With apologies to George Bernard Shaw, rubbish to the old maxim: “… those who can’t, teach.”
I prefer: “Those who did, teach those who aspire.”
So much joy can be found at the head of the classroom. I discovered as much back in the late 1970s through the early 1990s, when I taught journalism writing and reporting classes off and on in the Michigan State University (MSU) College of Communication Arts and Sciences — or ComArtSci. Back then, I was a recent ComArtSci graduate (of the highly regarded MSU School of Journalism) and a newspaper reporter and political bureau chief mostly for The Detroit News. No, I’m not a professional or degreed teacher. Yes, many thousands of professional teachers — including pretty much everyone who teaches in ComArtSci! — most certainly are better at the art of teaching than me.
Still, I know journalism because of a long first career as an award-winning hack. And I also know public relations after nearly 32 years as a co-founder, owner and senior executive at two of Michigan’s historically most successful strategic communications firms, most recently Martin Waymire. I also simply love to help young people learn and hopefully practice what I’ve learned over my two careers as a professional communicator.
So this fall, I returned to the classroom at MSU ComArtSci, where I’m teaching a section of PR 425 to seniors with the finish line to graduation looming. Make no mistake: MSU ComArtSci is one of the best communications colleges on the planet. There is no debating that. And I must say, I’m impressed with my students. Most of them seem serious, engaged, inquisitive, bright, and realistic. If they are a representative sample of the future of our profession, then grab your shades because the future is bright.
Two things are especially striking to me about the first six weeks of fall semester:
- First, the processes of teaching, managing and succeeding in the university classroom are much different today from 40 years ago. Various technologies and systems make student-instructor information exchanges and communications more efficient now, if not more complicated and time-consuming. In addition, the rules on how to comport yourself in the classroom, and in a university community as large and diverse as MSU, are better defined, documented and operationalized, and certainly more numerous. The goal is a safer and more inclusive MSU for all, and that’s good, obviously necessary, and the right thing to do.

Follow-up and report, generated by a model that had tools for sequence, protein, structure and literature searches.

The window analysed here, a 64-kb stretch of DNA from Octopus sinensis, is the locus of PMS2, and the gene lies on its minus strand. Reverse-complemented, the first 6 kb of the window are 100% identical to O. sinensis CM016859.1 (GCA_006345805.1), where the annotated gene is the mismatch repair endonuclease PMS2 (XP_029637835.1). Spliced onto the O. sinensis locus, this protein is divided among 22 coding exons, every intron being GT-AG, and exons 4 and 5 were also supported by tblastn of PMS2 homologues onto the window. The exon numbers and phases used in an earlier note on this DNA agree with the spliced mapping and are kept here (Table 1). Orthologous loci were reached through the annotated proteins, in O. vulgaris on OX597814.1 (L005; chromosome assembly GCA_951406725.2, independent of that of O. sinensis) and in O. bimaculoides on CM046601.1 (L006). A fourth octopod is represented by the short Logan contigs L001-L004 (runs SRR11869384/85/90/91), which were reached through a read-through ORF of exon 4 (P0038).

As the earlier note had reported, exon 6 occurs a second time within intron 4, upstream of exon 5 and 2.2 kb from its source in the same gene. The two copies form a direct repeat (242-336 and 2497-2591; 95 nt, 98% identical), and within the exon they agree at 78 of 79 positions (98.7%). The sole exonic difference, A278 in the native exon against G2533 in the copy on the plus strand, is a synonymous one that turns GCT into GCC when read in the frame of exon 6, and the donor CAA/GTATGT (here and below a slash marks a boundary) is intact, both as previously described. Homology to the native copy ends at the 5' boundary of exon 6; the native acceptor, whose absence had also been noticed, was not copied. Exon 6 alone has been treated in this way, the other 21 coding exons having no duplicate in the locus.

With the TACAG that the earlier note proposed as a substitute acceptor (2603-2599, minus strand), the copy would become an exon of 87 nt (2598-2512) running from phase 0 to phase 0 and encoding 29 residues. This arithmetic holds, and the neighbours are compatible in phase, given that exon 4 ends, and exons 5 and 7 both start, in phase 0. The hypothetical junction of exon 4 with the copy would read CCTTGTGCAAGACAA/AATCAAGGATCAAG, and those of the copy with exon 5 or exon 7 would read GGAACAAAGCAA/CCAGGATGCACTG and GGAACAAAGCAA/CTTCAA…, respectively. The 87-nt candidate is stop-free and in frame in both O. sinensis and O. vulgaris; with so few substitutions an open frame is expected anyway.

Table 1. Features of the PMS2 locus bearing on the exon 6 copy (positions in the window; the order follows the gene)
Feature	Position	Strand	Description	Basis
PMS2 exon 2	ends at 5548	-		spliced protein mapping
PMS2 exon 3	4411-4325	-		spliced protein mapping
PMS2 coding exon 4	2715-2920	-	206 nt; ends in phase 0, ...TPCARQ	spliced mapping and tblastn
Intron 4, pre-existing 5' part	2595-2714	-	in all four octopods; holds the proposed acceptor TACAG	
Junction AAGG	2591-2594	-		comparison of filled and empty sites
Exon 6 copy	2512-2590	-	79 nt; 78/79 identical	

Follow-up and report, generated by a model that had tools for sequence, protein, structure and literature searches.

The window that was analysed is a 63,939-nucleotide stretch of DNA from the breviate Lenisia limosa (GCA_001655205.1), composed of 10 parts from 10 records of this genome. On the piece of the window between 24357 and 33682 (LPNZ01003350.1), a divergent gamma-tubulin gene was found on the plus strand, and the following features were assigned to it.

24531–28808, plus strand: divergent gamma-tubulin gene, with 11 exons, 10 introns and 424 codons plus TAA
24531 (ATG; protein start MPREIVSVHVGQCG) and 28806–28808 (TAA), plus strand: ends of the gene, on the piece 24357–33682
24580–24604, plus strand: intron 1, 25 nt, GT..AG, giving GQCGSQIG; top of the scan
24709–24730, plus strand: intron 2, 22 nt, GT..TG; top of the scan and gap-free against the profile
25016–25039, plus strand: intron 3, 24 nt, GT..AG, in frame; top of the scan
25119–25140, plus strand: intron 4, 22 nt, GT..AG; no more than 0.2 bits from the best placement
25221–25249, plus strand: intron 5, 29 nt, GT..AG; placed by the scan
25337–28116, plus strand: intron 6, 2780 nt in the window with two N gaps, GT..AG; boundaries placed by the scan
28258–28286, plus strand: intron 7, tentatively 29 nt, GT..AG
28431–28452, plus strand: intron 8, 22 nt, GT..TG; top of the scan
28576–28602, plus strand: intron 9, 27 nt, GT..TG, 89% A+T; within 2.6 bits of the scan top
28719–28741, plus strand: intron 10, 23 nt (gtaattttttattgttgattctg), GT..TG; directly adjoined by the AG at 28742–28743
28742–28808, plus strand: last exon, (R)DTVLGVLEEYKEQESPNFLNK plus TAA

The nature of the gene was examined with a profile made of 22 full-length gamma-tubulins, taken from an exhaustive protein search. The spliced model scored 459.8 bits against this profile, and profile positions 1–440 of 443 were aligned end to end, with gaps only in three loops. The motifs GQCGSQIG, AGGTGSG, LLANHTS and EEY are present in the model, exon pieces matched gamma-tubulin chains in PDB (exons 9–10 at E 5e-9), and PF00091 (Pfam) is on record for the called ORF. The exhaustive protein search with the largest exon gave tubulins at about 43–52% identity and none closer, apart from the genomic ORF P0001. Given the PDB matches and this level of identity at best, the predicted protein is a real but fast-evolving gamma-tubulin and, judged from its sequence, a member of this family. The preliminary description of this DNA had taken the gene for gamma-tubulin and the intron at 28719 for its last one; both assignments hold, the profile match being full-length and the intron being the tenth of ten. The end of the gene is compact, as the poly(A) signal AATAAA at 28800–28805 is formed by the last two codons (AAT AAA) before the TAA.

- Second, the communications professions my students will soon enter “for real” are much different than when I was a student and instructor. We are all aware of how the channels of communications have evolved and changed over the decades. When I was a working journalist and MSU instructor, social media meant grabbing a copy of the afternoon newspaper and reading it at the bar with colleagues and friends. The “new channels” can be debated as both good and bad, in need of protection and reform. But I am most alarmed about — and have cautioned my students against — the practice of purposely using lies and misinformation as a communications strategy. Sadly and alarmingly, lying has become the de facto communications strategy of too many politicians, shadow groups and organizations with weak or indefensible political and other agendas, and nefarious government agents and actors seeking to undermine democracy. One of the first lessons MSU teaches journalism and PR students is never to lie; that lying corrupts any and all communications. I’m hoping that this generation of communications professionals becomes the one that figures out how to end lying as a practice on social media channels and helps to restore so much of the faith, trust and respect lost by the mass media.